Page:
Book Review Archive

Review of Empire’s Labor: The Global Army that Supports the U.S. Wars

"Empire’s Labor" builds an explicitly spatial theory of empire: it foregrounds how empire-building has been grounded in the geographical management of bodies, populations, and circulations in the intimate spaces of everyday life.

By

Wesley Attewell

The Capitalism Effect: A Review of “The Licit Life of Capitalism” by Hannah Appel

“The Licit Life of Capitalism” offers an intimate and eclectic portrait of the oil industry’s attempt to disentangle itself from a small country on - and off - Africa’s Atlantic coast. But beyond these empirics, how might Appel’s portrait push scholars to examine the effects of our centuries-old, critical concept of “Capitalism”?

By

James Christopher Mizes

Spaces of Capital/Spaces of Resistance, Review by Phil Roberts

Hesketh’s book describes the uneven and combined articulations of Gramsci’s concepts of “passive revolution” and “hegemony” in an analysis of the EZLN and APPO movements in Mexico. This is a must read for researchers who are trying to explore the potential for anti-capitalist resistance without simplifying it to a question of global capital versus global labor.

By

Phil Roberts

The Eye of War, Review by Oliver Belcher

In this extraordinary survey, Bousquet examines the promises, mysteries, and anxieties that undergird ‘perceptual technologies,’ and their strange pride of place in executing contemporary warfare.

By

Oliver Belcher

Migration and the Built Environment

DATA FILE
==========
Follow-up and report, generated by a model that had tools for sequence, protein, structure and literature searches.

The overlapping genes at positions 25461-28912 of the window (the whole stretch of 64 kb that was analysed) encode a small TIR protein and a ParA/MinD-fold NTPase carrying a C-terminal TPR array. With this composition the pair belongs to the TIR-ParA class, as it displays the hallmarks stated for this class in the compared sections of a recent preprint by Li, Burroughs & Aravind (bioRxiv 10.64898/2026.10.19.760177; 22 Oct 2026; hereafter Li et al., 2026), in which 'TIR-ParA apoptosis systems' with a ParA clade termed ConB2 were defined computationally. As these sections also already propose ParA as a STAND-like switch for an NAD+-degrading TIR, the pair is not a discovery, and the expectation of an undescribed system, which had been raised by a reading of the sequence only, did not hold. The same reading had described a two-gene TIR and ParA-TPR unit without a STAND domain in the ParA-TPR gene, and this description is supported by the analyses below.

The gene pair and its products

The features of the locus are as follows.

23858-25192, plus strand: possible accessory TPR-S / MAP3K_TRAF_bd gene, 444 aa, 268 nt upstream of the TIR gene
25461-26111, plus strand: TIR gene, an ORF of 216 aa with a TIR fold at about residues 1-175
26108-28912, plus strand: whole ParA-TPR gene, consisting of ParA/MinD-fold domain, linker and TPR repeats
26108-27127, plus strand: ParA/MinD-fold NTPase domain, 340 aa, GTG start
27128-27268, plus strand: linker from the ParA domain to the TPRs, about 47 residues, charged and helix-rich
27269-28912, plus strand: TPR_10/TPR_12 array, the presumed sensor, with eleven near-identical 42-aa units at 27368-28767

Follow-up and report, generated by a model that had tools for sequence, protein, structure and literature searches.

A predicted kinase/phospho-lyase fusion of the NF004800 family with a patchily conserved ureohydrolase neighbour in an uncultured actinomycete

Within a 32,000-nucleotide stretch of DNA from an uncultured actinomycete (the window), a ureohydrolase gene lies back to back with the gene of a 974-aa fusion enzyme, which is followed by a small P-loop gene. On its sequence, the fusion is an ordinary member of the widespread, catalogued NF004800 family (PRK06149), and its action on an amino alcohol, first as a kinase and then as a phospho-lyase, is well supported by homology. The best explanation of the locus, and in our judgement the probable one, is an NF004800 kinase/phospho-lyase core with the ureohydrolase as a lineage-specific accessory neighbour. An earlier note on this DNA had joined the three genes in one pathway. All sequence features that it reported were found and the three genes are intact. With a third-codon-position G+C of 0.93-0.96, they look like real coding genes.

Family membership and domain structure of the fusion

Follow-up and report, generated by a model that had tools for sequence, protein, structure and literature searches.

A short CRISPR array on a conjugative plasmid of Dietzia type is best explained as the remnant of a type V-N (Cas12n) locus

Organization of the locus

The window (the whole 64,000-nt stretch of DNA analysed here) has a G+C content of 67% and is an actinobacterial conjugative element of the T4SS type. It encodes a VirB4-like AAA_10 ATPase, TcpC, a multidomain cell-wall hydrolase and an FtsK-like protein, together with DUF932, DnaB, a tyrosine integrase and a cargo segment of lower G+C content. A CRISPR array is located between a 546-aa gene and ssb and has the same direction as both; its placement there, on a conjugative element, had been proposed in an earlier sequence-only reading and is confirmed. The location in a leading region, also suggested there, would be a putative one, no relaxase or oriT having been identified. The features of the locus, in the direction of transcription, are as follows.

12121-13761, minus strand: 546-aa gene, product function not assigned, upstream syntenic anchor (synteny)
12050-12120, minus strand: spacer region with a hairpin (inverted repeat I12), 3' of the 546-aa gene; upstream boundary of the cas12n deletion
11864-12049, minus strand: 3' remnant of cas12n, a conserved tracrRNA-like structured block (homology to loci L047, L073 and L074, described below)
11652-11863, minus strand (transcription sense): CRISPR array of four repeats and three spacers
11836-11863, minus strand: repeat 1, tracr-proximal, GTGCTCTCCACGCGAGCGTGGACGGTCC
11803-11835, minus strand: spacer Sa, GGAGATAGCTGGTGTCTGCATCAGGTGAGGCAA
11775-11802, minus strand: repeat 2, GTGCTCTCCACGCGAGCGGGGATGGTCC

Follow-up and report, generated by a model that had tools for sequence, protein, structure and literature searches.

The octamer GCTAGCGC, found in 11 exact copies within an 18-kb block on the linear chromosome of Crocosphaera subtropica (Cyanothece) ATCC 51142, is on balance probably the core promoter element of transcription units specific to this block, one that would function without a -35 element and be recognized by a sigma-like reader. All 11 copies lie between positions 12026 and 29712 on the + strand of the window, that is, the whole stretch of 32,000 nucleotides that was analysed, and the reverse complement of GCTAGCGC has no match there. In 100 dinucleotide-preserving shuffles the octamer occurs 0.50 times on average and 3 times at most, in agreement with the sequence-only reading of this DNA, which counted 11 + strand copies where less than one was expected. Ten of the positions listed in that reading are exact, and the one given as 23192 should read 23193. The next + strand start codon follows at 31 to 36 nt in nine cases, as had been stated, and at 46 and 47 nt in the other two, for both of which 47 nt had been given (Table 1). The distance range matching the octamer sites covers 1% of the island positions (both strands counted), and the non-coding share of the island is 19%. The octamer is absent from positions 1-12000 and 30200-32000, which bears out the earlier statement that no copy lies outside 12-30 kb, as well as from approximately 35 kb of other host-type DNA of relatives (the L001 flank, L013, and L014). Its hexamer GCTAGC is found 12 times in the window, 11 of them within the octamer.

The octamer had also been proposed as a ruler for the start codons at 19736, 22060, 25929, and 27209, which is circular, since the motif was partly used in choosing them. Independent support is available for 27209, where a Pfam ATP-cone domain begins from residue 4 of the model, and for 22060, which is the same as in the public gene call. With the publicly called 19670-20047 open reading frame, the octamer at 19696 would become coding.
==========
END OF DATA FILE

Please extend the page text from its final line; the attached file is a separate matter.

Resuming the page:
"The City in Transgression" transcends resistance, which is typically seen as organised mobilisations against capital in the form of uprisings. Behind the cameras and the curtain of publicity, along with the glitz of media razzmatazz, many migrants are involved in covert resistance, a silent revolution

By

Franklin Obeng-Odoom

Bunker, Review by Ian Klinke

"Bunker" is the gripping story of Bradley Garrett’s encounters with contemporary survivalists and the structures they build as an antidote to their existential dread.

By

Ian Klinke

The Making of Migration, Review by Martino Sacchi Landriani

"The Making of Migration" offers a deep theoretical rethinking of long-term fieldwork, directing our attention on the multiplication of border zones.

By

Martino Sacchi Landriani

Epistemology and Decolonial Politics

These critiques of Eurocentric epistemes narrow activism to knowledge production and pedagogy but do not show how epistemic change weakens settler colonialism South and North or ongoing colonization in socio-cultural and material terms.

By

Joe Parker

Reflections on the An/aesthetics of 21st Century Empire Borders: A Review Essay

Two new books focus upon how creeping imperialism, (re)colonization and the exportation of the modern surveillance state are central to First Worldist border regimes and their responsibility to protect privilege. Andersson and Miller both unveil how the financing of states in the Global South to act like pre-emptive border forces, through ‘keeping people sedentary’ as much as through ‘dampening extremism,’ has become central to 21st century geopolitics.

By

Richard Vogt

Improvised Lives: Rhythms of Endurance in an Urban South by AbdouMaliq Simone

Simone argues that the practices for living with instability will be found in those places with an infrastructure for moving forward despite sustained marginalization. It is in these places that we can see the infrastructure for making livable spaces out of unideal and less privileged circumstances.

By

Shannon Clarke